7 Life Lessons You Can't Leave Your 20s Without
For so many of us, our 20s are when life really gets rocking and rolling. We finish college, move out on our own, try to get a job (any job, seriously, just pay me, for God's sake), and take control of our own lives. Whether it's by choice or not, there are certain life lessons you can't leave your 20s without — like how to fix a broken toilet and learning not to click on strange links in your email and other important stuff like that.
It's a time of growth and reflection. With freedom comes responsibility — and that means celebrating our successes when we do something right, and learning from our failures when we screw it all up. It means dating a lot of somewhat crappy people and remembering to pay all our bills on time so that the Wifi doesn't get disconnected again. We start to really explore who we are, and the road isn't always so smooth; but is it supposed to be?
It's not always easy, and it's not always pretty; but like it or not, your '20s teach you a whole heck of a lot. It's for the best, though, because you come out the other end stronger, wiser, and probably a little happier, too.
Here are a few things your 20s might have taught you.
1Hard Work Doesn't Guarantee Success
This is a tough pill to swallow, particularly since from a young age, we're told we can achieve anything if we work hard enough for it. Hard work is a necessity in life, yes; but in any given situation, there might be 100 other factors playing a role that could render your hard work useless. Does it make your efforts any less meaningful? Of course not. But in your 20s (if not sooner), you'll likely come to a startling realization: the world doesn't owe you anything, and not everyone cares that you put your heart and soul into things.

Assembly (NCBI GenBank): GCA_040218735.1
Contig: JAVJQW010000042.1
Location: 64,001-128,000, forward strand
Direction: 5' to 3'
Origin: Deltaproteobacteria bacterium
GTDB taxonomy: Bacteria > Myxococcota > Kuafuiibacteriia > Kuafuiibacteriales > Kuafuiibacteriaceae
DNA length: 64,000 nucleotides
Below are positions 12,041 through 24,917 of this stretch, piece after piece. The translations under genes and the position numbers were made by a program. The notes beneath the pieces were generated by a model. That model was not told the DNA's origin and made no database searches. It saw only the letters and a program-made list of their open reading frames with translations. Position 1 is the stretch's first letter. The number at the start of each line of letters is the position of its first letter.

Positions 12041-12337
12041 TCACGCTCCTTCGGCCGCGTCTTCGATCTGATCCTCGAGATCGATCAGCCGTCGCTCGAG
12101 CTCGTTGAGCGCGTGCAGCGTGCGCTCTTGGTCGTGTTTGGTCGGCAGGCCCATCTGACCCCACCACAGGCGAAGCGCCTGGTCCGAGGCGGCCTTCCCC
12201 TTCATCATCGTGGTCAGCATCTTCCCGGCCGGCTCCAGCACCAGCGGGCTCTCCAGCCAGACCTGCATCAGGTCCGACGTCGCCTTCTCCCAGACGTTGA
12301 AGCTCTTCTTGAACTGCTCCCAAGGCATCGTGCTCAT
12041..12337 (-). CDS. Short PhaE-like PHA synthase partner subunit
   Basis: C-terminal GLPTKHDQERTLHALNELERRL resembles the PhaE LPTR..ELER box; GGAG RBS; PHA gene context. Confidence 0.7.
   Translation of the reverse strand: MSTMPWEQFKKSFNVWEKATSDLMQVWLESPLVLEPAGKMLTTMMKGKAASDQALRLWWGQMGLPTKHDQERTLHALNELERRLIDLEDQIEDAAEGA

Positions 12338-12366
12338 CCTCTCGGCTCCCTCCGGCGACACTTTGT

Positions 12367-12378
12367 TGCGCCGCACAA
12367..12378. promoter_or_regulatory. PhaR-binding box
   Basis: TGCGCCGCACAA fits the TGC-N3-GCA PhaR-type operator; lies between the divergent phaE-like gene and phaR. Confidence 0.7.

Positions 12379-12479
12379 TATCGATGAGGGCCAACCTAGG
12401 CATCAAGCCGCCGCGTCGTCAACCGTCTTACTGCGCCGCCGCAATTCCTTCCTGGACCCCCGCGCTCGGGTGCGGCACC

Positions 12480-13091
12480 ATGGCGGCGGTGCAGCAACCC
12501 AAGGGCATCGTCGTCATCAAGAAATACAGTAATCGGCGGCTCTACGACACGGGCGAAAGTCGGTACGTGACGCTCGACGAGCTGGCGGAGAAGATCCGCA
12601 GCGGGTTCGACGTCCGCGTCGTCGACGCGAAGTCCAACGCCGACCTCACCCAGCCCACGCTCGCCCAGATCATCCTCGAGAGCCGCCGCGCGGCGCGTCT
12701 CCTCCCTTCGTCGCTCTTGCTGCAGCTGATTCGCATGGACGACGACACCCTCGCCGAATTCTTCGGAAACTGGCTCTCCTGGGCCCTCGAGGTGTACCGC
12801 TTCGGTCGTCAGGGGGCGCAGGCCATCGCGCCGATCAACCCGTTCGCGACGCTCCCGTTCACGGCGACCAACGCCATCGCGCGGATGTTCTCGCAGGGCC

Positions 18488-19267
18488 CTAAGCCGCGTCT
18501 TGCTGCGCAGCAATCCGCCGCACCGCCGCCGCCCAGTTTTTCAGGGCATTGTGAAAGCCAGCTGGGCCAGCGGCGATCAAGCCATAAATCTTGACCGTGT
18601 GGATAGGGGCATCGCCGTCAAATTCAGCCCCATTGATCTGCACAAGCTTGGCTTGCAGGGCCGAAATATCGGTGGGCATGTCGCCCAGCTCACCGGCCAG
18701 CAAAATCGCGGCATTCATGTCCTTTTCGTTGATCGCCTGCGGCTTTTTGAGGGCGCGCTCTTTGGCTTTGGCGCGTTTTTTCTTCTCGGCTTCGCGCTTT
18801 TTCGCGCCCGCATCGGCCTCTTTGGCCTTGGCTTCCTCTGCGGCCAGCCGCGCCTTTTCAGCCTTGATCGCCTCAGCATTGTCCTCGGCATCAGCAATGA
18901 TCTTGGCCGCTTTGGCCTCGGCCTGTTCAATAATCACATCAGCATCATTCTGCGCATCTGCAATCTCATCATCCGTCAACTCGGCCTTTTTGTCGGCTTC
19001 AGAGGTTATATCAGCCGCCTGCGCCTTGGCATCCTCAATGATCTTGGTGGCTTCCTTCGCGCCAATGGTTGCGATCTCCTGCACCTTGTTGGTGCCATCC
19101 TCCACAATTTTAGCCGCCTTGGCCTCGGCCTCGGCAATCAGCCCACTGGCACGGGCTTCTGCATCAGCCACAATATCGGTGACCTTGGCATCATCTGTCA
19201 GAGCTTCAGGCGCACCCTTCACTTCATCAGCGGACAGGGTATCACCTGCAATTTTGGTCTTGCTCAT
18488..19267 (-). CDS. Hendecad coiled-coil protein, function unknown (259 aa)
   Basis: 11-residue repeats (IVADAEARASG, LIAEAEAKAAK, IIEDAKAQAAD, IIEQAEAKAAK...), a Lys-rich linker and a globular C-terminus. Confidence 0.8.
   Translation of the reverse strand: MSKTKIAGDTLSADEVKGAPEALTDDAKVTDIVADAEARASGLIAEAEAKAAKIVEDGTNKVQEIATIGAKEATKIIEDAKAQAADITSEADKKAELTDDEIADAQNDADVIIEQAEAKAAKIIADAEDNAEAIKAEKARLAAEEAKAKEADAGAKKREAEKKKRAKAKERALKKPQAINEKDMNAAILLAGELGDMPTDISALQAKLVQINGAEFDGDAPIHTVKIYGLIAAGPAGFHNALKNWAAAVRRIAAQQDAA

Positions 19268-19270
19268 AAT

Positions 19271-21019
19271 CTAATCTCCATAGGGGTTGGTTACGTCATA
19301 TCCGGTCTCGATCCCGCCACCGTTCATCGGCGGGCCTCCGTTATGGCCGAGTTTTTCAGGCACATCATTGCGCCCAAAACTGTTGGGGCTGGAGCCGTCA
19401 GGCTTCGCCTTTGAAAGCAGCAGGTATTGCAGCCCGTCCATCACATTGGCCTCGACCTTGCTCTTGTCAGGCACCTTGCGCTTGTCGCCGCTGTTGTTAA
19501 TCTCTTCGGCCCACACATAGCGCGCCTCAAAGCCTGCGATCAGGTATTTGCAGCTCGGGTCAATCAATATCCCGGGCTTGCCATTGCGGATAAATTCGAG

Knowing how to be a hard worker is part of being a responsible adult; but it doesn't make any of us immune to rejection or failure.
2Friendships Fall Apart
Sometimes, there's a huge fight. Other times, we drift apart and have no clue why. Like any romantic relationship, there's no guarantee that friendships will last forever; and sometimes, these breakups can hurt worst of all.
There's a silver lining here, though: you realize that relationships (of any kind) don't work on their own. You have to invest in them, nurture them, respect them. And when people come in to your life and stick around for good, you have the perspective to know how much you should appreciate them.
3Family Comes And Goes
They say you can't choose your family, but I beg to differ — because something else you learn in your 20s is that you might not like everyone in your family, or even want them in your life. Being someone's relative doesn't make a person a good person; and it's totally possible that your mom or sister or uncle or cousin is toxic, negative, and treats you horribly. Do you excuse their behavior because they're family? A lot of us do in our younger years; but we finally learn that sharing genes doesn't make it OK to be a jerk.